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Firefighting C-130s Placed On Operational Hold After A C-130 Went Down On Sunday
By Steve Hall

July 3, 2012 - In what officials describe as "a prudent measure," all military C-130 aircraft equipped with the Modular Airborne Fire Fighting System have been placed on operational hold after one of the aircraft crashed Sunday, July 1. 

A MAFFS-equipped C-130 from the North Carolina Air National Guard's 145th Airlift Wing crashed while battling a fire in southwestern South Dakota at about 6:30 p.m. Mountain time Sunday, officials said. 

"There were casualties, and our thoughts and prayers go out to those who were injured and those who lost their lives," U.S. Northern Command officials said in a written statement today. "The family members of these airmen are especially on our minds. We will provide further details on the status of the casualties soon." 


The cause of the crash has not been determined, and the incident is under investigation, officials said. At the time of the crash, the crew was fighting the White Draw Fire near Edgemont, S.D. 

Sunday's crash was the first in the 40-year history of the MAFFS program, a joint Defense Department and U.S. Forest Service program that provides additional aerial firefighting resources when commercial and private air tankers are no longer able to meet the Forest Service's needs.  

MAFFS is a self-contained aerial firefighting system owned by the Forest Service that can discharge 3,000 gallons of water or fire retardant in less than five seconds, covering an area a quarter of a mile long by 100 feet wide. The MAFFS-equipped fleet is spending Monday getting the crews together to "reflect, reset and review," said Air Force Col. Jerry Champlin, 153rd Air Expeditionary Group commander. "We all need to make sure our crews and planes will be ready to re-engage in the mission safely."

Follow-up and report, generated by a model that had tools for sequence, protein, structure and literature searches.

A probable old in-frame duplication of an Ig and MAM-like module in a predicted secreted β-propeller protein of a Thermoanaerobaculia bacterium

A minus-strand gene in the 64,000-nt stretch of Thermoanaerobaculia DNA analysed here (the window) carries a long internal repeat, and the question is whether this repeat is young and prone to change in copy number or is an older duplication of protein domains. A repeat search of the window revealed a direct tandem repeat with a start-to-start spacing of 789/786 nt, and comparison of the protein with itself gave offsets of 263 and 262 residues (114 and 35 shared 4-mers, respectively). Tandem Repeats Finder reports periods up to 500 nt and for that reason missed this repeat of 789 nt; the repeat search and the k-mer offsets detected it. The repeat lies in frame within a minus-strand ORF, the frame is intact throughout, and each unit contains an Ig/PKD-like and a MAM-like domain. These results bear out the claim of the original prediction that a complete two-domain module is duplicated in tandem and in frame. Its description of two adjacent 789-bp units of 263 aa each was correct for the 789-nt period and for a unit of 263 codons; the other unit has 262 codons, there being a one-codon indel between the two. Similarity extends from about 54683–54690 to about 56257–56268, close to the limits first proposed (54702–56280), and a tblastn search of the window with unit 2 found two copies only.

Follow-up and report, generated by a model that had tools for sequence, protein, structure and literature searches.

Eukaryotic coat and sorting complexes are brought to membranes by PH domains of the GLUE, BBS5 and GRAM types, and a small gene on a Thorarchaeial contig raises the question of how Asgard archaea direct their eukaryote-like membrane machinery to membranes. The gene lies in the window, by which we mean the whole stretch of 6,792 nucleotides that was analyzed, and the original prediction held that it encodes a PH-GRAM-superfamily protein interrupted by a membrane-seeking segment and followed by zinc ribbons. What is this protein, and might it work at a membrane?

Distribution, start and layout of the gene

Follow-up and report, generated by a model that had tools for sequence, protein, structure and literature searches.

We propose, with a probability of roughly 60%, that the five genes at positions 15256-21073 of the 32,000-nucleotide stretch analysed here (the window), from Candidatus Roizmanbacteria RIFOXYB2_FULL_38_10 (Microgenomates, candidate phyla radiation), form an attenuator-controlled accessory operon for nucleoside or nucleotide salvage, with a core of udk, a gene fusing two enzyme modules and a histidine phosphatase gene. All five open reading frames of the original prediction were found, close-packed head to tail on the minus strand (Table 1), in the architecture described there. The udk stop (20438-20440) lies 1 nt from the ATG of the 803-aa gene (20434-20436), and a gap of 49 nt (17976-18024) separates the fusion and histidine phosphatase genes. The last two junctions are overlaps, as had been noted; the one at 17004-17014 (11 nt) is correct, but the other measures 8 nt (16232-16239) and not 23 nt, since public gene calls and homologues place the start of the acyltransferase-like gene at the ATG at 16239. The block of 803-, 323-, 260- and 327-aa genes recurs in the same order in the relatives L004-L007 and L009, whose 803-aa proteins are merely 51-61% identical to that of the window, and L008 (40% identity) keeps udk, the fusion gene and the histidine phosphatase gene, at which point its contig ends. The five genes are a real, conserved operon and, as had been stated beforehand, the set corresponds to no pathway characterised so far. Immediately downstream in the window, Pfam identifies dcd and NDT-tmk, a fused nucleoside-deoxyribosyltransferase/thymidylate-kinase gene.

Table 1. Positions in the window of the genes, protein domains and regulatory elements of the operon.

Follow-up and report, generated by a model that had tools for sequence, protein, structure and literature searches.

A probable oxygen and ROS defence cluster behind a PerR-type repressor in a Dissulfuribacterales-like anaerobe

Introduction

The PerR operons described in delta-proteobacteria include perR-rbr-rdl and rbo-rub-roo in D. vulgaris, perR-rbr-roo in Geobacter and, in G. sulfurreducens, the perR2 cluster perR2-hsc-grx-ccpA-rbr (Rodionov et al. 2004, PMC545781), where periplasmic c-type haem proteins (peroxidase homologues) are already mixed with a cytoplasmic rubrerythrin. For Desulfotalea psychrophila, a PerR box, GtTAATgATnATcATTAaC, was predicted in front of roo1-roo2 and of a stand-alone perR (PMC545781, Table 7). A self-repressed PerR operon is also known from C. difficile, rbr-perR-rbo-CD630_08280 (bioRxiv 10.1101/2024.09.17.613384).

U.S. Forest Service Chief Tom Tidwell said the agency is deeply saddened by this tragic incident. "The agency fully supports the decision by the military to stand down its MAFFS operation to address the needs of personnel and families and ensure the safety of the mission when it resumes," he said. "The agency will continue to allocate available firefighting assets according to the prioritization of incidents." It is not known when the MAFFS aircraft will resume operations, officials said. 



The Lockheed C-130 Hercules is a four-engine turboprop military transport aircraft designed and built originally by Lockheed, now Lockheed Martin. Capable of using unprepared runways for takeoffs and landings, the C-130 was originally designed as a troop, medical evacuation, and cargo transport aircraft. The versatile airframe has found uses in a variety of other roles, including as a gunship (AC-130), for airborne assault, search and rescue, scientific research support, weather reconnaissance, aerial refueling, maritime patrol and aerial firefighting. It is now the main tactical airlifter for many military forces worldwide. Over 40 models and variants of the Hercules serve with more than 60 nations.
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